Because I am covering in this exercise the entire history of Bilaterian life on this planet I am not going to assert that every act of mitosis in every developing breeder was “perfect.”  Nor am I ignoring the likelihood that corrective mechanisms such as post-mitotic cell repair, apoptosis or autectomy of mal-formed cells played essential roles in some lineages. What I can say is that all the mitoses required to produce all those particular animals was of an order of efficiency sufficient to ensure precise construction of all essential organs in all the breeders.


At this point I think it useful to ponder the enormous numbers that were involved in the chains of perfection that led to the existence of all living Bilaterians.

I lack the taste and the ability for estimating great numbers and then expressing them in symbols familiar to the mathematically proficient but here in outline are the diameters of the problem that any theory of Bilaterian evolution must address:

1.       The number of extant animal species according to this site is estimated to range between 3 and 30 million. Of that number only about 20 thousand are non-Bilaterians (sponges and cnidarians). Another source gives the total of 12 million. Yet another says it’s less than 8 million. Let’s assume that the actual number of extant Bilaterian species is ~10 million.

2.       Next, estimate the number of actual breeding animals that were direct ancestors of all the actual specimens now comprising those ~10 million species during the ~550 million years since the origin of the first Bilaterians.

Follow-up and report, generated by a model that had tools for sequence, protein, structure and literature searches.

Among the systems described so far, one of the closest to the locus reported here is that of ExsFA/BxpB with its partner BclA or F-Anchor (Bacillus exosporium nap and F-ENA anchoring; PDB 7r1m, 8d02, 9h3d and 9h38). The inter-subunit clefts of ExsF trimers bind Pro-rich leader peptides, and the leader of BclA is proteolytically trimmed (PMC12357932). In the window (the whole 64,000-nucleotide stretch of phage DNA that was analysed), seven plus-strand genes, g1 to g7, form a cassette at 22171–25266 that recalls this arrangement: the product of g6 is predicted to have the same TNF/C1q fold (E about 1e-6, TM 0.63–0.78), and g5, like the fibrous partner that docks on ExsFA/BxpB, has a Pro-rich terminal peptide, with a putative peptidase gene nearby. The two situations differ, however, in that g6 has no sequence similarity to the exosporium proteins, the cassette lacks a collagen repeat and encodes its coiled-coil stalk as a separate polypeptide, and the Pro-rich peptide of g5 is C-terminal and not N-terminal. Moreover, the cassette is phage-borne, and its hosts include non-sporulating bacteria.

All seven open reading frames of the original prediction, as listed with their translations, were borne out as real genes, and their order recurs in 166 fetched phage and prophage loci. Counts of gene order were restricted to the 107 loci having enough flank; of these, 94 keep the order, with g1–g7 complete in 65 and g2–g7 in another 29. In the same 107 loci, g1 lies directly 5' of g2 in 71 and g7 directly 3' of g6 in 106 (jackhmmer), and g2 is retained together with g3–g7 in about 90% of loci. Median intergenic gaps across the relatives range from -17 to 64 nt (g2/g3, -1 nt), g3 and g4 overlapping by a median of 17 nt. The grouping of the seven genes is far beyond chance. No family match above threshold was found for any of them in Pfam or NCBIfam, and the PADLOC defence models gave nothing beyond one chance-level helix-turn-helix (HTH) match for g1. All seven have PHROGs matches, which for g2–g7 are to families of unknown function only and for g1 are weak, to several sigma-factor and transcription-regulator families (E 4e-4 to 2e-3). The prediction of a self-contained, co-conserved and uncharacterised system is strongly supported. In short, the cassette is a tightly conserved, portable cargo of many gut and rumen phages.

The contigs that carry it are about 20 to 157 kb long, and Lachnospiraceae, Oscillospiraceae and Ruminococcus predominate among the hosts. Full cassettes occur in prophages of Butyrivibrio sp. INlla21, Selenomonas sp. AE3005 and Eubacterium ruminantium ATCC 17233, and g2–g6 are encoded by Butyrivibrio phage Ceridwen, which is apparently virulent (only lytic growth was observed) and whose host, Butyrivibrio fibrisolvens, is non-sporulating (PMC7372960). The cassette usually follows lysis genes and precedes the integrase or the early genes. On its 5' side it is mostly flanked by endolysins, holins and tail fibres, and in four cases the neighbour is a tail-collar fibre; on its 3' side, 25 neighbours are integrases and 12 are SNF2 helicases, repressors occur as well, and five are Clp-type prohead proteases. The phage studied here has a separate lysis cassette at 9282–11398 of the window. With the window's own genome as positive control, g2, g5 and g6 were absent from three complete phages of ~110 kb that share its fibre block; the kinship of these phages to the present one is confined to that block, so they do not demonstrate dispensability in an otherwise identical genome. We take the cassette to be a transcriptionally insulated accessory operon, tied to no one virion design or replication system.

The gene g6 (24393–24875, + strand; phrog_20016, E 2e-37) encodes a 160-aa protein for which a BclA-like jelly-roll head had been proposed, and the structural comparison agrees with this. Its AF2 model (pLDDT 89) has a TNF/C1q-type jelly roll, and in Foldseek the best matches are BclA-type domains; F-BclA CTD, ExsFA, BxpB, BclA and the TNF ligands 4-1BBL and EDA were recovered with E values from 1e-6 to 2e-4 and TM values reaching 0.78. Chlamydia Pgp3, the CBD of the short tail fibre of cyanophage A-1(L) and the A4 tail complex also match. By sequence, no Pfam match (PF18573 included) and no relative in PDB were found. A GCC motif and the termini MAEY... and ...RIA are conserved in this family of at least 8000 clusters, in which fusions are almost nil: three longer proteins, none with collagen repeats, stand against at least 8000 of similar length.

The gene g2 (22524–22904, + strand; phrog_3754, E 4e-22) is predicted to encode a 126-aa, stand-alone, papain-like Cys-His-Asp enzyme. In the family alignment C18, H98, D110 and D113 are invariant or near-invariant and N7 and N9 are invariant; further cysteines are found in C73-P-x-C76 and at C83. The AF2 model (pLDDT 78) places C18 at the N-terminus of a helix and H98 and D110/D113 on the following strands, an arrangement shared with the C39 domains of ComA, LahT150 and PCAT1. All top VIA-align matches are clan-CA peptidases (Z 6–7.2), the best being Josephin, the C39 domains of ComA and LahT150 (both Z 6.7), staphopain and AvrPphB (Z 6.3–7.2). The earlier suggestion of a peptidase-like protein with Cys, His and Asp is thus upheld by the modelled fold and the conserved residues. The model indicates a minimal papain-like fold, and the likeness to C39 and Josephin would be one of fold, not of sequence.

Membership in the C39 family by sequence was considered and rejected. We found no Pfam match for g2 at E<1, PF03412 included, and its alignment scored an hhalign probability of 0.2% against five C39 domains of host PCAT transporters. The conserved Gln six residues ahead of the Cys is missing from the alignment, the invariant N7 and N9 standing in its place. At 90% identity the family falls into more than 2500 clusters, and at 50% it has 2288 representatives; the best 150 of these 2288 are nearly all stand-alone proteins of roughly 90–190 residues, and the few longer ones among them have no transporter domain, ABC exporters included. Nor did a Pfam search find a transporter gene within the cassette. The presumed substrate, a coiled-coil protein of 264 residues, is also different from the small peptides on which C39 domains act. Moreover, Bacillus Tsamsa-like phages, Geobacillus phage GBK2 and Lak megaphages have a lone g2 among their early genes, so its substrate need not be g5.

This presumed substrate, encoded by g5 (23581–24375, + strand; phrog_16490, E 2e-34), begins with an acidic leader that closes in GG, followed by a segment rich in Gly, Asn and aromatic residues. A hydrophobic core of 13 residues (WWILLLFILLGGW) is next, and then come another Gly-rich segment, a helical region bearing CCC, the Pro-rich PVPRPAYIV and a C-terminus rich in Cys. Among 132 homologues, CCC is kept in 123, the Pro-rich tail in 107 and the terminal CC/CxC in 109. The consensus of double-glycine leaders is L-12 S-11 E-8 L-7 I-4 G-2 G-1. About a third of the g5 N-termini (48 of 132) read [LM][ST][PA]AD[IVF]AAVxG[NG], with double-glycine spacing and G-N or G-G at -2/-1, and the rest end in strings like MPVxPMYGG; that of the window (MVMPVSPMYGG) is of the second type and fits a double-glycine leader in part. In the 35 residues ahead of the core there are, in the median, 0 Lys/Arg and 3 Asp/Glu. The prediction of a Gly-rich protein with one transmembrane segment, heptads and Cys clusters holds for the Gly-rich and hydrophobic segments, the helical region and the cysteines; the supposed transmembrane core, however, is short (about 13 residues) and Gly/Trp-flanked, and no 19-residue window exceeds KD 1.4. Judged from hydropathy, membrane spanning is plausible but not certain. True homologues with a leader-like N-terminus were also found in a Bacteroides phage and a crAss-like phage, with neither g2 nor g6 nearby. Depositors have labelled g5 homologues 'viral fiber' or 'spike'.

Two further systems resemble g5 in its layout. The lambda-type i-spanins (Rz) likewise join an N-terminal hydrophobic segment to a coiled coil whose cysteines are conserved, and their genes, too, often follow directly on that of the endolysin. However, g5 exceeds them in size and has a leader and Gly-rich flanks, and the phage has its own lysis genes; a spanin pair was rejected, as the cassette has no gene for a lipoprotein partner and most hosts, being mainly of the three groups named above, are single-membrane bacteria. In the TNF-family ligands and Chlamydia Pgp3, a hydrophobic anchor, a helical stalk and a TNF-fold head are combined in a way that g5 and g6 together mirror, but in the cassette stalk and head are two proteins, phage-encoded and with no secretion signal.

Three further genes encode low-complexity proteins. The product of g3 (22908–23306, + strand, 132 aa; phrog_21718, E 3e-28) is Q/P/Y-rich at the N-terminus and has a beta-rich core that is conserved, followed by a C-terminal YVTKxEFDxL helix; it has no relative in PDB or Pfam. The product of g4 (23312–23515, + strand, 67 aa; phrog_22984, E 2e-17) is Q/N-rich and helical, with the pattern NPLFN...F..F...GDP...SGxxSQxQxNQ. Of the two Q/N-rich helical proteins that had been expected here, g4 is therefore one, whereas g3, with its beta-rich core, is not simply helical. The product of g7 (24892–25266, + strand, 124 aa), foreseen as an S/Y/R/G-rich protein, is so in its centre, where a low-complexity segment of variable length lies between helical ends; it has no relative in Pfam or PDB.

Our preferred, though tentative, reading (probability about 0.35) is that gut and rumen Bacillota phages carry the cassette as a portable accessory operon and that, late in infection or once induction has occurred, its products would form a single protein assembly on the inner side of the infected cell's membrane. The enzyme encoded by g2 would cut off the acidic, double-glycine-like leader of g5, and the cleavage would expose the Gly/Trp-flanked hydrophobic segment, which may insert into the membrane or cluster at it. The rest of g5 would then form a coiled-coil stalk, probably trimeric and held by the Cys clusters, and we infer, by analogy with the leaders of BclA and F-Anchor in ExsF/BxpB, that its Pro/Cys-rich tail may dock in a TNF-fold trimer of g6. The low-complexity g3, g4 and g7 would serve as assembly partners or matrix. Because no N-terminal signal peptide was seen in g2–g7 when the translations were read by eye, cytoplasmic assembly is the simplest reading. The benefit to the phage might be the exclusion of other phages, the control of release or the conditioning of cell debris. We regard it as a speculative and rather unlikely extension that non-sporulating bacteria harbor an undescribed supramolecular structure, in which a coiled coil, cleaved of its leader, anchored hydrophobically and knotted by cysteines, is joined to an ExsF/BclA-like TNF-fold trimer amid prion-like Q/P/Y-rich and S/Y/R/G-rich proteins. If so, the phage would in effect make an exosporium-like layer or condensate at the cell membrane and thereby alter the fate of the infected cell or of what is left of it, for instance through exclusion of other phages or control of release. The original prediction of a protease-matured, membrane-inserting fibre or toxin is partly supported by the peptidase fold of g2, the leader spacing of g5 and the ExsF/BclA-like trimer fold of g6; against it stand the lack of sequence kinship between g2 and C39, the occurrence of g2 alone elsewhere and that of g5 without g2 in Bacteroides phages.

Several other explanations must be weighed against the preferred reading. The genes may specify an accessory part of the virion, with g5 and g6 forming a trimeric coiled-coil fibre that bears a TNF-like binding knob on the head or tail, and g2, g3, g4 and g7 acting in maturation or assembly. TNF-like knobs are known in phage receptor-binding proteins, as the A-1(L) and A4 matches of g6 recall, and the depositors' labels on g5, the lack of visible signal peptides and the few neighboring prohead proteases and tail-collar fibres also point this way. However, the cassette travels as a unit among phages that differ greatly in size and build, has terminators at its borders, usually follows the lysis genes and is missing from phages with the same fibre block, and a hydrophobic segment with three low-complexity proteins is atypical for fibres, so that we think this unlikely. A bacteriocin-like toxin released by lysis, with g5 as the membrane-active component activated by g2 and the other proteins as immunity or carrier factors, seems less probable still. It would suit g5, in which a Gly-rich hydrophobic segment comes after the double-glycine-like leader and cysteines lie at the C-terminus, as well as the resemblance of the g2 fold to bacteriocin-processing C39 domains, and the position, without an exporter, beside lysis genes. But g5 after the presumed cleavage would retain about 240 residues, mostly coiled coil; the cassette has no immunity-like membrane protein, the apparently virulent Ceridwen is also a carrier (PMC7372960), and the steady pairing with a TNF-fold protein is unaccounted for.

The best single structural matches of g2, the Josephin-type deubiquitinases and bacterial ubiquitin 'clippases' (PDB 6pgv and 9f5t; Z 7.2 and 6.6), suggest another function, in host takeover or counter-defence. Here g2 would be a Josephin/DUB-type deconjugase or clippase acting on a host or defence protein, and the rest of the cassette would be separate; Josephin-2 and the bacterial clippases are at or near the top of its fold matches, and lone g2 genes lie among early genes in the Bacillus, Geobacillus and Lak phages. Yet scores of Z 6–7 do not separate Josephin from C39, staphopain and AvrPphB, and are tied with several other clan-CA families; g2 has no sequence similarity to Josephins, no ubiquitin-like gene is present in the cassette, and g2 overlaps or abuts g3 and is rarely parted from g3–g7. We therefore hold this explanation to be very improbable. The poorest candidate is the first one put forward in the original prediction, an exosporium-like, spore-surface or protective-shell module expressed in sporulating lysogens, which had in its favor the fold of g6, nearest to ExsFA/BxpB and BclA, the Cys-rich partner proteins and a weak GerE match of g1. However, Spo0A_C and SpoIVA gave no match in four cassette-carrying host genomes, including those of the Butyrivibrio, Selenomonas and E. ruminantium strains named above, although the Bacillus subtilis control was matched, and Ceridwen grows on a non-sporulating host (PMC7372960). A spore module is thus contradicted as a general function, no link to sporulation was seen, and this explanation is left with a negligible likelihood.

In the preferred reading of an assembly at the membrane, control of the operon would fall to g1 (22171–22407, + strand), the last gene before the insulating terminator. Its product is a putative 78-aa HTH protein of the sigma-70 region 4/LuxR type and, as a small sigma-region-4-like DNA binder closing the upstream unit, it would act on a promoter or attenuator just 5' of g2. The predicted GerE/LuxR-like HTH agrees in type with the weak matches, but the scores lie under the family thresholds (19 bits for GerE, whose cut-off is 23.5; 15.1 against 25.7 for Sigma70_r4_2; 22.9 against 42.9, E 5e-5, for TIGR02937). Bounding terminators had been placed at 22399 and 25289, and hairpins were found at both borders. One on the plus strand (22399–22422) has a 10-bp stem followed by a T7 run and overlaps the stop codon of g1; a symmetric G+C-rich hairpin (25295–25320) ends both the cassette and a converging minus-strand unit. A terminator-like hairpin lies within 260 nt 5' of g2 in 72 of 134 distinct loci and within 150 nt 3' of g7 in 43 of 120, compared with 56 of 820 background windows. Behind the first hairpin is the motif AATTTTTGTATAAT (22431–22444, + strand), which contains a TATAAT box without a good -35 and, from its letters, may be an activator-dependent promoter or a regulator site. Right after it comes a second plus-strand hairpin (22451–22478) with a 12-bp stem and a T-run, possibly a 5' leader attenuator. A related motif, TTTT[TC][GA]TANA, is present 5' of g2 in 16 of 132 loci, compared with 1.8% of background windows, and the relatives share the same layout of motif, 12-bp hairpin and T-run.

3.       For the next step estimate the number of somatic cells in a typical breeder when it reached maturity. In extant Bilaterians the smallest number is about one thousand for some nematodes, for a human, ~10 trillion.

4.       Finally, estimate the number of individual acts of mitosis that occurred during development in all those successfully constructed breeders over ~550 million years of evolution. (Consider this: humans take about 13 years to reach physical maturity and during those years many of the ~10 trillion cells require replacement.)
Although the number (10 ̽ ?) in paragraph 4 can only be imagined (trillions of trillions?) it is not in any way fantastical because we are considering only what actually happened in actual ancestral animals.  

(I chose to limit the number of breeding animals to the ancestors of living animals. If we were to include all the ancestors of all animals that were produced in lineages that went extinct after, in many cases, hundreds of millions of years, the paragraph 4 number (10 ̽) would be much larger.)